Charles Darwin and the New Biologooy of the Nineteenth Century
In terms of its size, complexity, pace, expense, and expected practical applications, the project of sequencing of the human genome is a far cry from the endeavors of a nineteenth-century gentleman naturalist like Charles Darwin. However, if the social organization of science has changed dramatically since Darwin's time, certain strong continuities exist between the social and economic concerns of Darwin's day and our own. When it comes to tracing the roots of "the New Biology," it may be useful to situate Darwin's biological achievement not only within the science of Darwin's day but also within its broader social context.
Here we pay special attention to the enterprise of plants and animal breeding in the late eighteenth and early nineteenth centuries. We examine how the experience of breeders informed Darwin's path-breaking theory of evolution by natural selection. We then go on to consider the ways in which the general topic of breeding wound its way through Darwin's thinking in such a fashion that the scientific, the social, and the personal were all interconnected. Darwin's observations on the problems of relaxing natural selection in civilized society, his worries about less favored classes or races out-breeding more favored classes or races, and his argument that evolution has made men more intelligent than women all serve to suggest that social assumptions can be unconsciously imported into ostensibly scientific judgments. Likewise, his anxieties about the hereditary effects of inbreeding in his own family remind us how questions of theory or practice may come home to us in the most pressing way in our own personal lives. In addition to having made an absolutely fundamental intellectual contribution to the biological sciences, Darwin thus provides an important example of the kinds of societal and personal concerns with which the New Biology of our day is certain to intersect.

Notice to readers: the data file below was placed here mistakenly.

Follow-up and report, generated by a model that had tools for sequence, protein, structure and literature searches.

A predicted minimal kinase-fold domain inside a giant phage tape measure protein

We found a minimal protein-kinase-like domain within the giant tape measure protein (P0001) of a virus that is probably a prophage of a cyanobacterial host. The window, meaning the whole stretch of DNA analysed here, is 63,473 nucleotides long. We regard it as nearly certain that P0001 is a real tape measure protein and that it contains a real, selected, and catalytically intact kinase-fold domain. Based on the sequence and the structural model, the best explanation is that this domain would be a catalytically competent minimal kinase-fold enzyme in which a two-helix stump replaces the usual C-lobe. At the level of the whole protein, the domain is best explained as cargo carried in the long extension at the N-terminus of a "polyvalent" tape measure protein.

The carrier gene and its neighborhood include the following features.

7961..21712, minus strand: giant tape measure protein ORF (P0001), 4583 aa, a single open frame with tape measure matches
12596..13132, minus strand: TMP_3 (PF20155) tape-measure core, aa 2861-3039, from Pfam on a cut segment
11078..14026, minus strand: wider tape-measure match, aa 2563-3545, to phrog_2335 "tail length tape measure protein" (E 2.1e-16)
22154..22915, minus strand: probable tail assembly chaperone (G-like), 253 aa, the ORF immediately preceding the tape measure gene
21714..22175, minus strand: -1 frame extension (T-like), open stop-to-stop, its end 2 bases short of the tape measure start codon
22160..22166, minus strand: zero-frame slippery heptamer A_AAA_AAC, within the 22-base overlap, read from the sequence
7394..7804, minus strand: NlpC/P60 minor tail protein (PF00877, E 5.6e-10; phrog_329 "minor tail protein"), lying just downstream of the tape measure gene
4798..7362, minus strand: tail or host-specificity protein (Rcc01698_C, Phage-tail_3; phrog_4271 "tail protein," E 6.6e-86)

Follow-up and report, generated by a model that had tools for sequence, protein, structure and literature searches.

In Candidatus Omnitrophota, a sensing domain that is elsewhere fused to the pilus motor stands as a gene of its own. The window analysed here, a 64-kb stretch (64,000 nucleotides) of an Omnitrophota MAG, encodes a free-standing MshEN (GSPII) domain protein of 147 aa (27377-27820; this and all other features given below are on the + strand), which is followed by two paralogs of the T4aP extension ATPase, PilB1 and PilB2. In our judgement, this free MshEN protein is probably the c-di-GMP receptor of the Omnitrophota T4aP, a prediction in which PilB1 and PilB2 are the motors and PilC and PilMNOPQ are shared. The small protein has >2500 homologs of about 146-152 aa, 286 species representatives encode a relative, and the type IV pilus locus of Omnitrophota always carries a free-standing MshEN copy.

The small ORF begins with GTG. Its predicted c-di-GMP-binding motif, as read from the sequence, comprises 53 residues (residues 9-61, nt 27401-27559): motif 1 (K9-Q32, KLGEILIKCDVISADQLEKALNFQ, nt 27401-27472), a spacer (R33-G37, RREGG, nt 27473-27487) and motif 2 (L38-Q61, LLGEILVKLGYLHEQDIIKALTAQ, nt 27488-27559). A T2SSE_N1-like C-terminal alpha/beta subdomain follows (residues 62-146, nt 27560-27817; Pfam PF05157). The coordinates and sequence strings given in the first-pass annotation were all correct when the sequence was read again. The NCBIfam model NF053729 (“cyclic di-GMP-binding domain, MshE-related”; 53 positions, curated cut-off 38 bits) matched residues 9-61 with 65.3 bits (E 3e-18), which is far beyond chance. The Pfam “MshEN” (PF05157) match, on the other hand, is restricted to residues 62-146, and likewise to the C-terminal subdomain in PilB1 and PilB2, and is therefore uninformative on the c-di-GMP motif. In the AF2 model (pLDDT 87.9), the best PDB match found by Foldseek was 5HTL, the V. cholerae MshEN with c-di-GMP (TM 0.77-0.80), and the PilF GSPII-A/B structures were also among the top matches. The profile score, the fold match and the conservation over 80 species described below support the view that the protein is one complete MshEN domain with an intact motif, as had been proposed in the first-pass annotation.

CAS Resident Associate and Department of History